Two people who were identified as suspects in the lethal Monday bombing at a shrine in the Thai capital of Bangkok turned themselves in to police on Thursday, before being released later in the day.
The two were caught on security camera footage just before the explosion at Erawan Shrine sitting on a bench at the scene. They got up just before the main suspect sat down and left behind a backpack that apparently held the bomb.
Both men insisted they are tour guides and that their presence at the shrine was innocent; they were questioned by authorities before being released.
Police have said at least ten people are suspected of being involved in the bombing, and identify the main suspect as being a foreigner. Further details regarding his identity remain unclear, and no international terror group has yet claimed responsibility for the attack.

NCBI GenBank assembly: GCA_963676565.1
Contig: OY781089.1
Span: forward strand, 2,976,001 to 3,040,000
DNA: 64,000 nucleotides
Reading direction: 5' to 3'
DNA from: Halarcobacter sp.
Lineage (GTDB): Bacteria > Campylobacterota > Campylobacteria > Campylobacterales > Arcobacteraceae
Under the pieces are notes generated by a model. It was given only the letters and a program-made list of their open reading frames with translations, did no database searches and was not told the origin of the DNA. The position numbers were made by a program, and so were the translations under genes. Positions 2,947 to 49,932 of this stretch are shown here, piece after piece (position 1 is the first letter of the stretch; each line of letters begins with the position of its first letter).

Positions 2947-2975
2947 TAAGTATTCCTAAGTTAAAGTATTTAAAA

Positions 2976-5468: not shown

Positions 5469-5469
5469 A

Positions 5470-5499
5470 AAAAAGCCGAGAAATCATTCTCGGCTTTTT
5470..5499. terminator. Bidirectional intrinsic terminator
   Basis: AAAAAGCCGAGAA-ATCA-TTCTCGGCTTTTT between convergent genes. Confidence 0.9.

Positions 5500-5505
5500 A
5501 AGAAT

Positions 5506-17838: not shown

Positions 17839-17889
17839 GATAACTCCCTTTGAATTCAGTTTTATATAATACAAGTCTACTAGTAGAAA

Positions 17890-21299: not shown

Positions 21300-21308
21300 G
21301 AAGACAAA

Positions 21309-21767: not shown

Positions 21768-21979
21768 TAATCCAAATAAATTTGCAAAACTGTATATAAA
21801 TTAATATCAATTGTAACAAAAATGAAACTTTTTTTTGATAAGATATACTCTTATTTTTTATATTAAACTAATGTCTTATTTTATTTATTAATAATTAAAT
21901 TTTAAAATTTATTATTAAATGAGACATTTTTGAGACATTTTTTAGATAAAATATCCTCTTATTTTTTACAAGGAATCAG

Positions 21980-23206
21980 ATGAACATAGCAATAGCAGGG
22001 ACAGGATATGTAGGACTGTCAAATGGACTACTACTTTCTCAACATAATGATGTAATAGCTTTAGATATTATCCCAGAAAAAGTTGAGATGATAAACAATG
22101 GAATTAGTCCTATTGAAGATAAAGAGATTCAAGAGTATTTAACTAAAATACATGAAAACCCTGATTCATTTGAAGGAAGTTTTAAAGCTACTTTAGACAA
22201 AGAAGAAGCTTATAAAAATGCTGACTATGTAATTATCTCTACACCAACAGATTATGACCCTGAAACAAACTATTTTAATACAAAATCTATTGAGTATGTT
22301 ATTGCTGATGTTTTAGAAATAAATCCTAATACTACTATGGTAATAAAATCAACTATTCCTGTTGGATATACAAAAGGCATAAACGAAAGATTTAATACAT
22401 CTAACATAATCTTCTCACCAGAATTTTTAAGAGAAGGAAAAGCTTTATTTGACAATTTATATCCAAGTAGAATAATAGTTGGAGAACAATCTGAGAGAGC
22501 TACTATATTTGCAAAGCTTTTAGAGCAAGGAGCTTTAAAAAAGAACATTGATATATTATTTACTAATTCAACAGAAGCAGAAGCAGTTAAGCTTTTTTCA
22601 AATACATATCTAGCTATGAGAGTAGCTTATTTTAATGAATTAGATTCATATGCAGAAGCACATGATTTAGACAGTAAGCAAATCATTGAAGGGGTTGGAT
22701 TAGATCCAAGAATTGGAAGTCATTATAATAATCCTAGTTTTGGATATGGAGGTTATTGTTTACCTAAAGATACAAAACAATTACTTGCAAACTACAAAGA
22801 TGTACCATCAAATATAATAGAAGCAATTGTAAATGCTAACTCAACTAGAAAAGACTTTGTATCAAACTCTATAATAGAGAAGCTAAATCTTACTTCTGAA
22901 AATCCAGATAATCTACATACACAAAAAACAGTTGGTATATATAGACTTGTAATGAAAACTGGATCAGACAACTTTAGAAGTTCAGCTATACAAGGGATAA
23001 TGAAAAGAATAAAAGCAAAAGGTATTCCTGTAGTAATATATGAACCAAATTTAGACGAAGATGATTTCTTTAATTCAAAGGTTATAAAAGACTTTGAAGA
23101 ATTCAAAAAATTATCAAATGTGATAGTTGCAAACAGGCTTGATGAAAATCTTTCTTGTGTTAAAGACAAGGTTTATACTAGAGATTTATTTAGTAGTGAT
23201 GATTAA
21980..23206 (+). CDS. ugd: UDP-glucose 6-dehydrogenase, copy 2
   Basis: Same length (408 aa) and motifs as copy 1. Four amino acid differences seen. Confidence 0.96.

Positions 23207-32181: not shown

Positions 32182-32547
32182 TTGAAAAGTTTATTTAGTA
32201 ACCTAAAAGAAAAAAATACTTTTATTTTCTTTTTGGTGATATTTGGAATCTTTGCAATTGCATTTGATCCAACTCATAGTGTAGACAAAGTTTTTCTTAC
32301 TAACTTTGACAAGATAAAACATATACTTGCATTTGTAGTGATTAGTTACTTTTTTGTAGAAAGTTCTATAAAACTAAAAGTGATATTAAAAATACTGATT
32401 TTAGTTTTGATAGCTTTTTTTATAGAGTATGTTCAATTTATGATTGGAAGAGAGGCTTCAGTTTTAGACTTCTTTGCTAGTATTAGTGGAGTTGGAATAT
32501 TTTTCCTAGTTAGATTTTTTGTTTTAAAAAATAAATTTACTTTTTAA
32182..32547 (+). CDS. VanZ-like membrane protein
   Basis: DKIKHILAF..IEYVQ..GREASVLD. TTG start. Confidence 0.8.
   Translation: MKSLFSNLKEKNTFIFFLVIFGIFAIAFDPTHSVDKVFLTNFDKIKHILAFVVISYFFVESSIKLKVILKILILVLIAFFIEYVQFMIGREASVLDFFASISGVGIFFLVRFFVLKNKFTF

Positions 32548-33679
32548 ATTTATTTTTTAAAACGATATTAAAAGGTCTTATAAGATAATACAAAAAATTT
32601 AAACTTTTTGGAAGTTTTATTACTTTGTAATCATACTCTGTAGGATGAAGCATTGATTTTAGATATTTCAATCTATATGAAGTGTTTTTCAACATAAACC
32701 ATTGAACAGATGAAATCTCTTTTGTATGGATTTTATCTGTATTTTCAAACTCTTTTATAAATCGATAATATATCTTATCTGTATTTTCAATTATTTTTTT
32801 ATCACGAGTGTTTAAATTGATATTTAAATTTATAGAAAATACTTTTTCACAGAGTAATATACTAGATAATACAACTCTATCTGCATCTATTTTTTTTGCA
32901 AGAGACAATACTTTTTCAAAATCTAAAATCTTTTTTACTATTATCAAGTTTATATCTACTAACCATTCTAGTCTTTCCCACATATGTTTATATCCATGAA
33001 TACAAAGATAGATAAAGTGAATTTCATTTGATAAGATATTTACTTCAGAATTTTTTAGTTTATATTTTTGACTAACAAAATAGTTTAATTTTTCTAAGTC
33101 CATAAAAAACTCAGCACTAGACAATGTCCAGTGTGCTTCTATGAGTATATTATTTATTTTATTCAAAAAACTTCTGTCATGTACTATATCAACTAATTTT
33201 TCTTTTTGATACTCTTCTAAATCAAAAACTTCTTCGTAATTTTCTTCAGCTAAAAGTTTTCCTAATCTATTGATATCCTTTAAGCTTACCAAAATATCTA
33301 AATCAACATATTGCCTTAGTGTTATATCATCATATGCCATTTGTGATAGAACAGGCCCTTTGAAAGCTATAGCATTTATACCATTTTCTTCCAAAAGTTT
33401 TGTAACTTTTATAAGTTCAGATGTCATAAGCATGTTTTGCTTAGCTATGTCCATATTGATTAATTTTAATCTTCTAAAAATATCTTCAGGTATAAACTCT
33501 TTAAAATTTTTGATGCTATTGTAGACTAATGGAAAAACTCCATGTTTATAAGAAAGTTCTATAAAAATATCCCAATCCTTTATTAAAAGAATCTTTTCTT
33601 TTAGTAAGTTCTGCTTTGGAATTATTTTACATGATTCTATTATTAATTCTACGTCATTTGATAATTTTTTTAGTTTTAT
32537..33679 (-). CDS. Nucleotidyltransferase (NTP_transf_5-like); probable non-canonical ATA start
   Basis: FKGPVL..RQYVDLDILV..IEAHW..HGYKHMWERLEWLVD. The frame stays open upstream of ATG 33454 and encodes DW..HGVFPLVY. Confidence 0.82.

No less than 20 people were murdered in the blast, 12 of them foreigners including visitors from China, Hong Kong, the UK, Indonesia, Malaysia and Singapore. Many more were wounded in the explosion.
Several hours earlier on Thursday, Col. Winthai Suvaree of the Thai army said it is "unlikely" the attack was conducted by a foreign terrorist group. However, shortly afterwards he told Associated Press that the terror angle is still open, saying, "we still have to investigate in more detail."
Thailand’s army chief on Monday hinted the attack may have been the work of a global terrorist organization, when he said it did not match the tactics used by separatist Muslim rebels in southern Thailand.
"This does not match with incidents in southern Thailand. The type of bomb used is also not in keeping with the south," Royal Thai Army chief and deputy defense minister General Udomdej Sitabutr said in a televised interview.
More than 6,500 people have been murdered in the long-running Muslim insurgency since 2004.